The 4th Carbon Nanotube Workshop at NIST was held on September 23rd and 24th 2010. It featured in depth presentations and discussions of recent breakthroughs in the control and measurement of single-wall carbon nanotube (SWCNT) chirality, along with the resulting advances in chirality resolved measurements and applications.
A summary of the workshop is posted here.
A portion of the workshop was devoted to analysis of the results of an inter-laboratory study on the measurement of chirality distribution within a nanotube population. This study was conducted under the auspices of the Versailles Project on Advanced Measurements and Standards (VAMAS).
The measurement of carbon nanotube chirality and the use of these measurements to separate the various mixtures will be critical to future applications. The goal of this workshop is to move forward as a community in chirality measurement and to identify and resolve outstanding problems in order to advance applications and to enable well-controlled environmental, health, and safety (EHS) assessments. We will capture the state of the current technology in chirality distribution measurments, and disseinate this summary to the nanotube community.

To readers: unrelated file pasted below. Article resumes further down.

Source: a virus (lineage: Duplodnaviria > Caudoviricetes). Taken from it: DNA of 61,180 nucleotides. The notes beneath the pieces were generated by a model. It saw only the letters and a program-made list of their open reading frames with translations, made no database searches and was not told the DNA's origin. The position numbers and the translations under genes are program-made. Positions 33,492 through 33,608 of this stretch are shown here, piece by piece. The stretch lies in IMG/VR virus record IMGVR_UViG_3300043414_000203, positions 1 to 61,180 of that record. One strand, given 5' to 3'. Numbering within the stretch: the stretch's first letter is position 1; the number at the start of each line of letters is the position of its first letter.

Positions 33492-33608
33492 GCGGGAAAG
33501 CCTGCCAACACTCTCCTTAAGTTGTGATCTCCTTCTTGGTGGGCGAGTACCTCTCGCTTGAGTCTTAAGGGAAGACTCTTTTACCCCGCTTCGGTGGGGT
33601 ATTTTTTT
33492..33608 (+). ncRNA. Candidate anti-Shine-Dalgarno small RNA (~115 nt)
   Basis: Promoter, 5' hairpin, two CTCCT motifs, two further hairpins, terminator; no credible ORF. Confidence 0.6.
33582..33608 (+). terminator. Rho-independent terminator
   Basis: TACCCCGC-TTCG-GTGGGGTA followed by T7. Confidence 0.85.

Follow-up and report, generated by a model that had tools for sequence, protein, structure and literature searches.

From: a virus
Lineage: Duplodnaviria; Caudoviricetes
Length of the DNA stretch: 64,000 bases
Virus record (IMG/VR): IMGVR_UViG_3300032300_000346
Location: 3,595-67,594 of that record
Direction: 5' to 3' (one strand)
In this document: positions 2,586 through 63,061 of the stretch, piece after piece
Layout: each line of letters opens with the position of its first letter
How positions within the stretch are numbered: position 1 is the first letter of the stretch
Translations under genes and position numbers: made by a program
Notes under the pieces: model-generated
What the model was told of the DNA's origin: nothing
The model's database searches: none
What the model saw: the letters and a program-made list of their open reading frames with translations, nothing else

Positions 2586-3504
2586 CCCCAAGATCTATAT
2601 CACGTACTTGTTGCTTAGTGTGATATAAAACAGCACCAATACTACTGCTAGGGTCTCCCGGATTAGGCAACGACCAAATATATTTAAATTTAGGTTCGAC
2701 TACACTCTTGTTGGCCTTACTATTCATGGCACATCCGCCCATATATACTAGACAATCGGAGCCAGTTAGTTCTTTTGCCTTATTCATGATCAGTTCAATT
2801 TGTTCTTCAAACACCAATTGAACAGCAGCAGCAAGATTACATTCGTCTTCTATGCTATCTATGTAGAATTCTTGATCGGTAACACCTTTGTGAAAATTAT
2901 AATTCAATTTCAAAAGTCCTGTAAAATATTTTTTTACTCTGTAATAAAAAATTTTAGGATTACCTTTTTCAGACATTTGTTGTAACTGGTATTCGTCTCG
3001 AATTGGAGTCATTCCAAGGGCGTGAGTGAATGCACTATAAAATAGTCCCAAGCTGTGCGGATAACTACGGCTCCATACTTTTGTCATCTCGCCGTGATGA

The VAMAS Round Robin is the first test of consensus on measurement methods for chirality distribution and we will discuss the early results. The goal of this round robin is to provide a basis for comparison between different measurement methodologies, measurement types and laboratories of the chirality specification for a given sample. This will enable development of techniques for absolute determination of the SWCNT chiral vector distribution in a dispersed population. The sample for this project is the Long fraction of a NIST reference material (RM) for length separated single-wall carbon nanotubes in aqueous dispersion. Pictures below show the full set of RM 8281, and the absorbance spectrum of the Long fraction.